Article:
- ¼ teaspoon freshly ground black pepper
- 1 tablespoon olive oil
- 2 tablespoons tarragon leaves (or 1 teaspoon dried tarragon leaves)
- ¼ cup parsley leaves (or 2 teaspoons dried parsley leaves)
- Optional: Delightfully green tahini dressing or lemon hemp dressing, for serving
- Preheat your oven to 375F. Wash the cauliflower head and trim the part of the stem that's protruding, as well as the leaves around the stem, so that the cauliflower can rest on a flat surface. Cut the cauliflower in half, and then cut two steaks from each side by simply slicing across the cauliflower. You'll have some florets left at the end--save these!
- Heat a cast iron skillet or a large pan over medium high heat. Add half a tablespoon of oil to the pan. Place your first two steaks (or as many as you can fit) into the pan and sprinkle them with salt and pepper (add any herbs or spices you like). Sear for 3-4 minutes, or until the bottom of the steaks is browning. Flip the steaks, sprinkle the other side with salt and pepper, and sear the new bottom side for another 3-4 minutes. Transfer the steaks to a parchment or foil lined baking sheet and repeat this process with the other half tablespoon of oil and remaining two steaks.
- Place the baking sheet with all four steaks in the oven and bake for 20-25 minutes, or until the steaks are tender all the way through. (If your skillet is wide enough to fit all four steaks, you can simply transfer it to the oven after searing.)
- While the cauliflower steaks are baking, bring a medium pot of water to a boil. Add the edamame and whatever ends you have left from your head of cauliflower (I had about 1 heaping cup of florets). Boil for 3-5 minutes, or until the cauliflower is tender. Drain the edamame and cauliflower and transfer them to a food processor fitted with the S blade. Add the garlic, broth, lemon juice and zest, salt, pepper, and olive oil. Process the mixture for about a minute, stopping a few times to scrape the bowl down, until it forms a thick mash. It should be uniform and easy to scoop, but it should retain a little texture. Pulse in the tarragon and parsley. Taste the mash and adjust salt, pepper, and lemon to taste.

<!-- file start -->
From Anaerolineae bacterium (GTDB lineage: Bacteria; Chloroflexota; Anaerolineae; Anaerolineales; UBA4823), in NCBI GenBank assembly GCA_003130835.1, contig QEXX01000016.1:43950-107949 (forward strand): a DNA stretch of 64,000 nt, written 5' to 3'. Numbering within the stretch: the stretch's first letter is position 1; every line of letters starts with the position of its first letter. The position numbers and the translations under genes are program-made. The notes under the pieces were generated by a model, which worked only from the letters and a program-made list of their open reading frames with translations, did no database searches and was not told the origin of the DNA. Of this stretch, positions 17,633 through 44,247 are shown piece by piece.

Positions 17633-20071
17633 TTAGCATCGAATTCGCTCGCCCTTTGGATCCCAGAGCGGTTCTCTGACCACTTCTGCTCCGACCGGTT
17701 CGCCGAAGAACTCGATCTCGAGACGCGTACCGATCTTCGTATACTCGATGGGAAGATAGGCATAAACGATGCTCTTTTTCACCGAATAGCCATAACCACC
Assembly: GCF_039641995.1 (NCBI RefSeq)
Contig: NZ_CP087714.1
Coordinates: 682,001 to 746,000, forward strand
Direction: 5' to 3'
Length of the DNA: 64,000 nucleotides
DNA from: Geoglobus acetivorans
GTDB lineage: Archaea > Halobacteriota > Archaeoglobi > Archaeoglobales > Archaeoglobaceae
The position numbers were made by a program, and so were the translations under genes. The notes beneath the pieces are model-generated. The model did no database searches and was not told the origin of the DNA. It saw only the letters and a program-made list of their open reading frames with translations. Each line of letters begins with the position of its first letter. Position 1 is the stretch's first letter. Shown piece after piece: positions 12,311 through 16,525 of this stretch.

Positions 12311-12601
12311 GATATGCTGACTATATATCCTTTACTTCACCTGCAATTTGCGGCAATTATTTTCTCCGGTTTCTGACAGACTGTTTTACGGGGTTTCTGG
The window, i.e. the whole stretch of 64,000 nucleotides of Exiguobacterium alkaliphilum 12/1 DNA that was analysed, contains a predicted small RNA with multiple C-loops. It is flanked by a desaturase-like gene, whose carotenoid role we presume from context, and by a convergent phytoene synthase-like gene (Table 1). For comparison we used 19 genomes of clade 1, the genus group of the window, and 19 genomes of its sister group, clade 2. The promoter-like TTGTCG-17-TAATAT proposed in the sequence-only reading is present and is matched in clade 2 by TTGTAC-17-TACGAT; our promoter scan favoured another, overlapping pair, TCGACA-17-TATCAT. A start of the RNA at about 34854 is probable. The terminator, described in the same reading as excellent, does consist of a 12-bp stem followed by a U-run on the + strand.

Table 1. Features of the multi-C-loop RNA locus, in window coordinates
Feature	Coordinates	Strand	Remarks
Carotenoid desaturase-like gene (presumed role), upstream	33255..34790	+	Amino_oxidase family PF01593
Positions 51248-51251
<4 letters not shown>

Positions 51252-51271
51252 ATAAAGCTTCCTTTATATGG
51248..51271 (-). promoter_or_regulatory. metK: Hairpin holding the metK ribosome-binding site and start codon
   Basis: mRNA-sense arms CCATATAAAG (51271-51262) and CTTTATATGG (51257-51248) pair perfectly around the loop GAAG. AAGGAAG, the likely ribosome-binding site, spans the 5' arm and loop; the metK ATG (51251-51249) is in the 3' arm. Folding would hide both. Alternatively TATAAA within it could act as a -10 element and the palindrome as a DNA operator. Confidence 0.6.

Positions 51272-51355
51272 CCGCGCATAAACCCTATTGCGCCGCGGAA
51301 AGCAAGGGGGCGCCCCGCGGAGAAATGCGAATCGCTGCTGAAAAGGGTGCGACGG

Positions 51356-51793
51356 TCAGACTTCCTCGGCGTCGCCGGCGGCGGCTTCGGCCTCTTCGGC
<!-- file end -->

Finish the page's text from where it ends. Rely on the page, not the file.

- Divide the warm mash onto four plates (about ¾ cup per plate). Layer the cooked cauliflower steak on top of the mash. Serve, with a drizzle of dressing if you like.
Another nice feature of this dish is that, cauliflower aside, it can be a pantry/freezer meal. Keeping frozen, shelled edamame in the freezer is a great way to quickly add protein to any salad, stir fry, noodle or grain dish; it can also easily be turned into hummus. And of course, it’s what makes this dish so practical for a weeknight supper.
Use whatever dry or fresh herbs you have to give the dish flavor and a personal touch. Rosemary, thyme, lemon, or paprika would all be great flavorings for the cauliflower steaks, and sage, cilantro, and dill could all be great accompaniments to the edamame mash.
Enjoy the dish–and if you play around with the recipe, I’d love to hear how you modify it.
In the meantime, I’ll be headed back to class for a new, part-time semester this coming Thursday. To commemorate that, I’ve got a new recipe for a vegan grab-and-go breakfast that’s both wholesome and portable. Can’t wait to share it!